Over the past five or six years, a lot of people have felt the weight of the economic collapse in their lives. Many in Texas found relief through various channels, including the very legitimate and helpful processes of Chapter 7 or Chapter 13 bankruptcy.
Launching into bankruptcy can be a challenge. The harsh financial realities that lead a person to consider the process can be daunting. The effects are often made worse if the filer succumbs to feelings of unnecessary guilt about their situation. Consulting an experienced attorney is how to avoid such a hurdle.
There is one other thing that has been frustratingly all too common recently; lenders refusing to consider legitimate requests for loan modifications. But some experts say that seems to be changing now. They report that more lenders are starting to offer generous modifications. Indeed, some of the offers sound so good that suffering homeowners question if they aren’t too good to be true.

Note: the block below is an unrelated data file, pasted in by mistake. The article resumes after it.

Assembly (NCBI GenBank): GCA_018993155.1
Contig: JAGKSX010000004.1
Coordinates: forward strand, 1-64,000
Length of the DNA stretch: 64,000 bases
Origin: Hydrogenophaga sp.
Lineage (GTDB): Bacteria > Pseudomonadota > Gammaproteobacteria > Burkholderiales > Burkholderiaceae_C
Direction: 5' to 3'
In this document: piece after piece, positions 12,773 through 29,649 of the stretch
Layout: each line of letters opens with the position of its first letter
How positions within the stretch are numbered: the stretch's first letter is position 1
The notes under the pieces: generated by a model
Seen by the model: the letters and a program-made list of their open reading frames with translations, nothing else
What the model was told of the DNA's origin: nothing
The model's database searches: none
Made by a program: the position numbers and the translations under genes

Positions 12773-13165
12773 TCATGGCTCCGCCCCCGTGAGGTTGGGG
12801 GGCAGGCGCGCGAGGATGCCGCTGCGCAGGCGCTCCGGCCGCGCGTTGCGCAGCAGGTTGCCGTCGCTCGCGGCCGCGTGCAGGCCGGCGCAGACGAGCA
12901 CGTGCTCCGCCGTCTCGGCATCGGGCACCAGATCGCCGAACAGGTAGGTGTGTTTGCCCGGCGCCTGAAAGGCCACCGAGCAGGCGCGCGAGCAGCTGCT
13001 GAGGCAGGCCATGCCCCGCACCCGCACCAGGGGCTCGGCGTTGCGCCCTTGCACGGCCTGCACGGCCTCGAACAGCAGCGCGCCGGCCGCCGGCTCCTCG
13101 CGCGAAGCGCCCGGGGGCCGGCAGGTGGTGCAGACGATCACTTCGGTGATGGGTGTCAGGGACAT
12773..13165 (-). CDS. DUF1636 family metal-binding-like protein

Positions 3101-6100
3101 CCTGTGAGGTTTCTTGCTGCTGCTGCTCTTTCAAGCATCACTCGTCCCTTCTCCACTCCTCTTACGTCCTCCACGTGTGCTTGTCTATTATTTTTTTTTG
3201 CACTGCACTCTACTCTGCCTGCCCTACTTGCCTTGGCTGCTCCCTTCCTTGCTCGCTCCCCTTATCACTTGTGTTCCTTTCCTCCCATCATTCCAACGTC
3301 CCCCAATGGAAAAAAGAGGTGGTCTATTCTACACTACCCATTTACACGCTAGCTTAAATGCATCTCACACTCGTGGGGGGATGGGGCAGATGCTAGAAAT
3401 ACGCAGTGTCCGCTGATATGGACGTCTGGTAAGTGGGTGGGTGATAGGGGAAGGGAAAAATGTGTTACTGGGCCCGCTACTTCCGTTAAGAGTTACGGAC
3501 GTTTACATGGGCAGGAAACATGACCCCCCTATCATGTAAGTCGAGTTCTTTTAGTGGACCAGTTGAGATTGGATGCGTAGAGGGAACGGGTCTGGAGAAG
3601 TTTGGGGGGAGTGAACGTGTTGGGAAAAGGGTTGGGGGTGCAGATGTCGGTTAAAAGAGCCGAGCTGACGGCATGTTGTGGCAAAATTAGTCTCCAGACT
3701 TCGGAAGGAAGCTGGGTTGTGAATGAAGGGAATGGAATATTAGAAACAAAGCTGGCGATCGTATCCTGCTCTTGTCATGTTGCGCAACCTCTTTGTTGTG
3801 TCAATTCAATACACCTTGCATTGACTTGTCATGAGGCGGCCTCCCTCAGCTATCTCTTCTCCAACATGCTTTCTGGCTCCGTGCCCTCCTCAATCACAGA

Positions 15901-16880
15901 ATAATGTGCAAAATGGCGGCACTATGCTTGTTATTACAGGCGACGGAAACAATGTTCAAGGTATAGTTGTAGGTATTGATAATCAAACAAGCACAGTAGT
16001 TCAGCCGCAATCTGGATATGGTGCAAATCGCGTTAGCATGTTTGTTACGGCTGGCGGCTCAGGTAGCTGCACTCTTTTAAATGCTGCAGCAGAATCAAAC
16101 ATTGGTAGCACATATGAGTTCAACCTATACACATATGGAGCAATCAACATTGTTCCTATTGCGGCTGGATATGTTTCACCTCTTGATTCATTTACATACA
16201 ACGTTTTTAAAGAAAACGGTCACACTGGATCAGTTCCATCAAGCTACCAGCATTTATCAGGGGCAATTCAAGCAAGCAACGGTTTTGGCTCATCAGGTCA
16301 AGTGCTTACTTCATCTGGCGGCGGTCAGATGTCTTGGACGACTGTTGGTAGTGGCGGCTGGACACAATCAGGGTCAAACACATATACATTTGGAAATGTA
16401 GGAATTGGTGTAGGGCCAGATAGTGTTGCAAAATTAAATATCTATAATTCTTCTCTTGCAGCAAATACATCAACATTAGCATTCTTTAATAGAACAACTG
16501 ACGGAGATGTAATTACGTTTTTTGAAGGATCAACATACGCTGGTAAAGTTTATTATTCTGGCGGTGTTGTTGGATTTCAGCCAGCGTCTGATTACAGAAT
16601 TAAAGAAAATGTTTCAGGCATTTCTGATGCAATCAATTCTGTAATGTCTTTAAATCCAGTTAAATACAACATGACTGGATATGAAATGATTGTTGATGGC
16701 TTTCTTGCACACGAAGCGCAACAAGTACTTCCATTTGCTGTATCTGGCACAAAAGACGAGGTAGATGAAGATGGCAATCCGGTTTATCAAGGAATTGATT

The Bankruptcy Adviser blog on Fox Business offers up an example. A woman wrote in to say that she is in the final year of a Chapter 13 bankruptcy, a process that she hopes will erase a second mortgage that continues to hold her underwater home down.
With the end of bankruptcy process on the horizon, her lender is now offering to modify her first mortgage to a rate of 2 percent for seven years and a ceiling rate after that of just 4 percent. She wonders if she should take it, and if she does, whether it will harm her bankruptcy case.
Now, every case is different, but taking certain assumptions into account, the advice offered to the reader is to take the modification offer. It seems to make sense. One assumption is that the new rate will mean a lower monthly payment on the main mortgage over the life of the loan.
The important observation is made that the homeowner may have to put any savings realized for now toward the debts under the bankruptcy filing. That’s something that likely should be worked out with the bankruptcy court. But once the time frame of the bankruptcy is over, the lower mortgage rate should be in place for the duration.
Source: FoxBusiness.com, “Should I Take Loan Modification While in Chapter 13?,” Justin Harelik, July 24, 2013